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Spokane allows pot shop to move amid complaints that a sham arcade abused zoning laws

UPDATED: Mon., June 19, 2017

Old Fashioned Fun Arcade’s original location at 3917 E. Main Ave.in June 2017. A Spokane County judge this month dismissed a claim by the owners of the arcade seeking to prevent the move of a marijuana store within 1,000 feet of the business’s two locations along East Sprague Avenue. (Colin Mulvany / The Spokesman-Review)
Old Fashioned Fun Arcade’s original location at 3917 E. Main Ave.in June 2017. A Spokane County judge this month dismissed a claim by the owners of the arcade seeking to prevent the move of a marijuana store within 1,000 feet of the business’s two locations along East Sprague Avenue. (Colin Mulvany / The Spokesman-Review)

An east Spokane pot shop was handed a victory Monday night by the City Council over what some call a sham arcade that had prevented them from moving.

City Council President Ben Stuckart appeared by phone to cast the deciding vote in a 5-to-1 tally shrinking Spokane’s buffer zone between an arcade and a marijuana business, from 1,000 feet to 500 feet, for six months. City Councilman Mike Fagan, a staunch opponent of the industry, proposed the emergency law as a way to allow Smokane to relocate in the wake of what he called “shenanigans” by the proprietors of the arcade, which charges no admission fee and operates out of an unfinished office space it rents for $5,000 a month.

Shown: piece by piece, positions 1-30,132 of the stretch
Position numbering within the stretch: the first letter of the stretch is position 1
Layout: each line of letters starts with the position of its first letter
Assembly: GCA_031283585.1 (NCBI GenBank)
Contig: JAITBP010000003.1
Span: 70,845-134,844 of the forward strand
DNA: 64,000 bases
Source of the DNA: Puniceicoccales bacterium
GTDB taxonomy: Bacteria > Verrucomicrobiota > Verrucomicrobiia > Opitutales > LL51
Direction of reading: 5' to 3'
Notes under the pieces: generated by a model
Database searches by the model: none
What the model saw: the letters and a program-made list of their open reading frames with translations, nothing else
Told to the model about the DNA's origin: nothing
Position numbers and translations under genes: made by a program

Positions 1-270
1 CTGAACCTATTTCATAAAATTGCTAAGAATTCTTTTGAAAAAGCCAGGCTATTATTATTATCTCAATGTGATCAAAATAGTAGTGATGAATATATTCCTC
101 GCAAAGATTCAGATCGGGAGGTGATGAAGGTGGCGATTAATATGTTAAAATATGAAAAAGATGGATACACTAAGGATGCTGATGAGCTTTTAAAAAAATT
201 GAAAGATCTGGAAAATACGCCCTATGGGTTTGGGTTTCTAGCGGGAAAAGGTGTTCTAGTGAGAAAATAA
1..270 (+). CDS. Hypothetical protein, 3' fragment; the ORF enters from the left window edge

“This complaint was brought to me, several months ago, after going through another couple of desks in the office,” Fagan said. “Sitting down with the petitioner, Smokane, they had gone through the motions of putting out a tremendous cash down payment.”

Neither the owners of Smokane nor the Old Fashioned Fun Arcade testified before the vote Monday night. Marco Barbanti, the registered agent of the corporation owning the arcade, Rome-Warsaw Holdings, said last week no one in the organization had any ties to the marijuana industry and it did not exist to stop Smokane from moving. The Washington Liquor and Cannabis Board has seen at least one case in Seattle in which a competing marijuana business quickly opened an arcade to drive out competition, a point Fagan made before the vote Monday.

Public testimony focused on the proliferation of businesses downtown and advertising throughout the city. Kelly Cruz, a member of the West Central Community Prevention and Wellness Initiative Coalition, warned the City Council against easing any of its restrictions on the industry.

“Over the last three years, they’ve chipped away at the regulations,” Cruz said in an interview. He warned council members they were “just loading the gun and pointing it at our own heads” and said they should go to the state Legislature if they wanted to change buffer rules.

City Councilwoman Candace Mumm cast the lone vote against the proposal, saying it could create “unintended consequences” and may not solve the underlying problem.

“You could have a sign outside of an arcade be switched to ‘library,’ and still have the same problem,” she said.

City Councilwoman Karen Stratton recused herself from the vote, citing her involvement in the marijuana industry.

Fagan said he’d seek a quick signature from Mayor David Condon on the ordinance, which could then be used by the owners of Smokane to appeal a license denial by the Washington Liquor and Cannabis Board. The business needs a license from that agency to sell the drug in its new location.

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